Ask Amma

Am I academically fit to homeschool?

In Yes / No on 11 April 2012 at 4:36 pm

Do you think you need to be updated in academic subjects to homeschool your child?

– mother of a 2 year old in Pune

The short answer is: No. Many seasoned homeschoolers elaborate on why this is so, reminding you that:

– You are learning together.
– You are not so much teaching what you know as you are supporting their learning whatever they want to learn
– your children will learn how to learn, to delight as they discover, and to navigate the ocean of knowledge, not just acquire a subset of your knowledge.

When the rubber meets the road, however, doubts can creep in.

One way that I think my education has helped me is that it gives me confidence to relax, be quiet and let my daughter discover things on her own rather than feeling responsible for teaching her. Where, if not in college, did I find solidarity for my persistent doubt since school days, “Is my understanding only blindness to my own lack of understanding?”  (Wittgenstein, On Certainty, § 418.)   This has given me respect for the state of not-understanding, without any desire to rush to the state of understanding. Often it seems that less educated parents are more likely to get nervous when children aren’t reading or adding at the expected time, while educated parents are not only confident that they will get it when they are ready, but are also more likely to appreciate the things their children are dong and learning in the meanwhile.

For some, the confidence to slow down and savor the path of learning comes naturally. Others like to read research that shows that in learning, it is wise to prefer the scenic route to the superhighway, and indeed the road offers more than the destination. Astute Appa Karthik from Bangalore shares a report (pdf) from the Alliance for Childhood called “Crisis in Early Education: A Research-Based Case for More Play and Less Pressure.” The authors cite Sebastian Suggate, who finds that:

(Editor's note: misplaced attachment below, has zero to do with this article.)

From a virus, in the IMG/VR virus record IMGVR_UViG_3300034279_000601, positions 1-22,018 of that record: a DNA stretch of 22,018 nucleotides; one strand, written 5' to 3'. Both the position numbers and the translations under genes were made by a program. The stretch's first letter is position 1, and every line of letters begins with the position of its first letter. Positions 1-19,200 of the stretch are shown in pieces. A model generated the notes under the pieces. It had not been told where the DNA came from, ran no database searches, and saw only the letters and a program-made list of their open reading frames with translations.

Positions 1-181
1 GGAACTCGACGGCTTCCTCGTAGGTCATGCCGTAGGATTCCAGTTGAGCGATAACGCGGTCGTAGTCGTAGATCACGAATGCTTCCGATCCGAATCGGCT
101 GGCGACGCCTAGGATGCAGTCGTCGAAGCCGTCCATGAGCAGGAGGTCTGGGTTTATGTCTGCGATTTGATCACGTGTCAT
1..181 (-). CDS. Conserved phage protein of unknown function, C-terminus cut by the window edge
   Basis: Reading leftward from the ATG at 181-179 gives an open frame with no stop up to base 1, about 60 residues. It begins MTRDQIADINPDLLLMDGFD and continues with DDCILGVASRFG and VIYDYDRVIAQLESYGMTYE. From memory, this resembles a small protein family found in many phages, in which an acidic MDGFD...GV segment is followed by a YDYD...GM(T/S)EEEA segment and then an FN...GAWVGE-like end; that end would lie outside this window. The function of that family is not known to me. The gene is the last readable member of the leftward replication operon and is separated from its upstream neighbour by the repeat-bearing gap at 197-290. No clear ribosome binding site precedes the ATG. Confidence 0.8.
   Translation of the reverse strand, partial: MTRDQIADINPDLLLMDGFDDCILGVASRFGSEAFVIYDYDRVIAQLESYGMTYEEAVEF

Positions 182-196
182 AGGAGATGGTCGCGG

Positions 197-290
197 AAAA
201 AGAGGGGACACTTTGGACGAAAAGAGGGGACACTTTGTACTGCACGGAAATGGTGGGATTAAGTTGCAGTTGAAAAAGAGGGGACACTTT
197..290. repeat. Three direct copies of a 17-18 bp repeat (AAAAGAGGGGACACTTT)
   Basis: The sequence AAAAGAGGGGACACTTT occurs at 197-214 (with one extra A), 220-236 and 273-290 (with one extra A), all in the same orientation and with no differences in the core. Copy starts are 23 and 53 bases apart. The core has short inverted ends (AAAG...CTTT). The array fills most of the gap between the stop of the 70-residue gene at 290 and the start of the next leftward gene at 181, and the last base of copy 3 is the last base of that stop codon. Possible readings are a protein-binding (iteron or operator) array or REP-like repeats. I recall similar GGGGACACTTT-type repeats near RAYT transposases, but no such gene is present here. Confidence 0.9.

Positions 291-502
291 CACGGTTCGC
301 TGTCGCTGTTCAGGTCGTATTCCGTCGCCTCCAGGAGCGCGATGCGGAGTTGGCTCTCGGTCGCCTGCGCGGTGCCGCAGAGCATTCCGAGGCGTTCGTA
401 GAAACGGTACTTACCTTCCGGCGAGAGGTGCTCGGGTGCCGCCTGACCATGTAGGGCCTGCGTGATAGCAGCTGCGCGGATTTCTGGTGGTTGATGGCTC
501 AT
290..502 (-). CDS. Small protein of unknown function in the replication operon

… the most important early factors for later reading achievement, for most children, are language and learning experiences that are gained without formal reading instruction. Because later starters at reading are still learning through play, language, and interactions with adults, their long-term learning is not disadvantaged. Instead, these activities prepare the soil well for later development of reading.

Play, language, and interactions with adults also prepare the soil for seeking resources and resource persons as one’s learning advances. Learning advances in ways not always obvious to the observer (and sometimes resists observation). I think that being educated may have helped me to appreciate this and indeed marvel at the beauty of the learning process.

Miranda Hughes brings this to life at the close of Growing a Writer:

As I see it, good writing skills are the fruit of the plant. A plant doesn’t produce great tomatoes by practicing making beginner tomatoes as it is building its root system and putting out its first true leaves. It produces great tomatoes by putting its energy into growing strong and healthy roots, shoots and leaves.

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